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Dear PlanNYC Users:

Thank you for visiting PlanNYC.

As of July 7, 2010, we have suspended daily news updating on this website, and will not be adding new developments or policy and legislative debates.

PlanNYC, a student-run website based at NYU’s Furman Center for Real Estate and Urban Policy, has proudly served New Yorkers for five years. During that time, the growth of online information on land use and development issues, along with advances in technology such as RSS feeds and news alerts, have created many opportunities for New Yorkers to stay informed about housing and land use debates in the City. As a result, the daily news updating on this site has become less unique and less critical to our users.

We are pleased to keep the existing PlanNYC content online as a resource; all content on the site is current of July 6, 2010, but will not be updated after that date.

We hope you continue to use the data and research available at the Furman Center (which you can find at, and we welcome your ideas and suggestions for how we can continue to provide objective information and analysis about land use and housing policy debates in New York City.

For additional information or questions, please email .

East Side Access/ LIRR Extension to Grand Central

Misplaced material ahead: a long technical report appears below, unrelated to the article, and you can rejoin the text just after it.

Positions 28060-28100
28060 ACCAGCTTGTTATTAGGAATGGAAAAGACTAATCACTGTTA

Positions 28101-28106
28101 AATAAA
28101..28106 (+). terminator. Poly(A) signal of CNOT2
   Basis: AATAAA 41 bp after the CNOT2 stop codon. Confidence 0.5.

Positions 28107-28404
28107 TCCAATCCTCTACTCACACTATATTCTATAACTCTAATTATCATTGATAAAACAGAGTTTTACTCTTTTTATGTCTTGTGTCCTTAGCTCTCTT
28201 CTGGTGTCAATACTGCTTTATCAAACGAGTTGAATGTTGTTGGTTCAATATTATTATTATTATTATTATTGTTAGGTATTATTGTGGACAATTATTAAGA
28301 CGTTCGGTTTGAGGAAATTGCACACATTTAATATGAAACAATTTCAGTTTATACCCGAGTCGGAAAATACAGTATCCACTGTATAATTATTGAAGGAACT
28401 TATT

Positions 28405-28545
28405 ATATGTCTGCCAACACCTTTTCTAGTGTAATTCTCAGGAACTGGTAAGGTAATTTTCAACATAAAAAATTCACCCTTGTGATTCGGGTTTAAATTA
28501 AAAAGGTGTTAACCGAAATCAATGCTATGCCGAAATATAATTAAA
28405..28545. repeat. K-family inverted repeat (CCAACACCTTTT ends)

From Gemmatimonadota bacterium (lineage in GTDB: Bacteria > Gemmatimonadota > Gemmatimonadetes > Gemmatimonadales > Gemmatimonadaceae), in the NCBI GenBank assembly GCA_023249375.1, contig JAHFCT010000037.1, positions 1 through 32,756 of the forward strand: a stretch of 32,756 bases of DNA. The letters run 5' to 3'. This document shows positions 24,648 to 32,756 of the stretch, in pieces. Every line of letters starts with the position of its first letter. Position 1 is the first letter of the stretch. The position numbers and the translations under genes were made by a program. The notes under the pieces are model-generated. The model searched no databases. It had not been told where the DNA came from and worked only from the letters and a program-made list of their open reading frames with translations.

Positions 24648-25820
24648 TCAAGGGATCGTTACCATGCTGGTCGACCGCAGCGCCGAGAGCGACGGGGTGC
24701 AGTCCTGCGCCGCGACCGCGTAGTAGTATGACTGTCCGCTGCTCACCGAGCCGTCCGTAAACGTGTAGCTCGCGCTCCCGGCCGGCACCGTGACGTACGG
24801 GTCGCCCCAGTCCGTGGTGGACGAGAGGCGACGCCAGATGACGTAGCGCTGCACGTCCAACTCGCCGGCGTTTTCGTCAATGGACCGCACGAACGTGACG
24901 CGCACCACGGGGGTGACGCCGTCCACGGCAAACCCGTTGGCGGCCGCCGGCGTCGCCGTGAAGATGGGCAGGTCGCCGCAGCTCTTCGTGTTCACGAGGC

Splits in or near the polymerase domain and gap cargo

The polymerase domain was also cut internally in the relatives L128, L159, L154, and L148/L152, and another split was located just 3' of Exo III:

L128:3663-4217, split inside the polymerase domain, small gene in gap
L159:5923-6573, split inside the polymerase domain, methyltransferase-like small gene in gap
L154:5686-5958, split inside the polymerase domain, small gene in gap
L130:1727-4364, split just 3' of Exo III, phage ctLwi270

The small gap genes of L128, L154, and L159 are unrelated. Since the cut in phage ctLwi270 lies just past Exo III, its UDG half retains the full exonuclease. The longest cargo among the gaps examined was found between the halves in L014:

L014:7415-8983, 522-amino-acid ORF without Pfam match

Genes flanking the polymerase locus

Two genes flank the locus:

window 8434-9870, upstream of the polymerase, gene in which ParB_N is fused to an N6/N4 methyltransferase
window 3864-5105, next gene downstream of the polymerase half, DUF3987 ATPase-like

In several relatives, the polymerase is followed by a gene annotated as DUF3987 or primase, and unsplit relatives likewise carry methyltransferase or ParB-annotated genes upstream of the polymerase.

The Metropolitan Transportation Authority’s (MTA) East Side Access (ESA) project will connect the Long Island Railroad’s (LIRR) Main and Port Washington lines in Queens to a new LIRR terminal beneath Grand Central Station on the east side of Manhattan. The MTA's website’s states that project goals consist of the creation of a direct and fast link between Long Island, Queens and East Midtown Manhattan, and to alleviate overcrowding at Penn Station. Additional project goals include increased East River commuter rail tunnel capacity, as well as improved traffic patterns, quality of life, economic development and air quality in the New York metropolitan area.

Construction was originally scheduled to begin in early 2006 and be complete in 2013, but has been delayed repeatedly. In December 2006, voters approved the Bond Act which provided $450 million for ESA, and Congress earmarked $2.6 billion in federal funds. In 2007, the MTA received another $215 in federal funds for the project, and in 2008 the United States Department of Transportation (DOT) provided a $210 million grant for the project, but more funding is still needed. The MTA’s own budget troubles have also delayed the project.

The first phase of construction began in September 2007. Two tunnel boring machines (TBM’s) will make eight tunnel drives in Manhattan, two of which are already complete. Tunnel boring began 120 feet below street-level from 63rd Street and reached Grand Central Station in July 2008. The second phase of construction began in January 2009 at 37th Street and Park Avenue, and includes utility relocation and air shaft construction. Boring of all Manhattan tunnels will be finished by 2010. The entire project is scheduled for completion in 2015 at a total cost of $7.2 billion.

Last Updated: October 5, 2009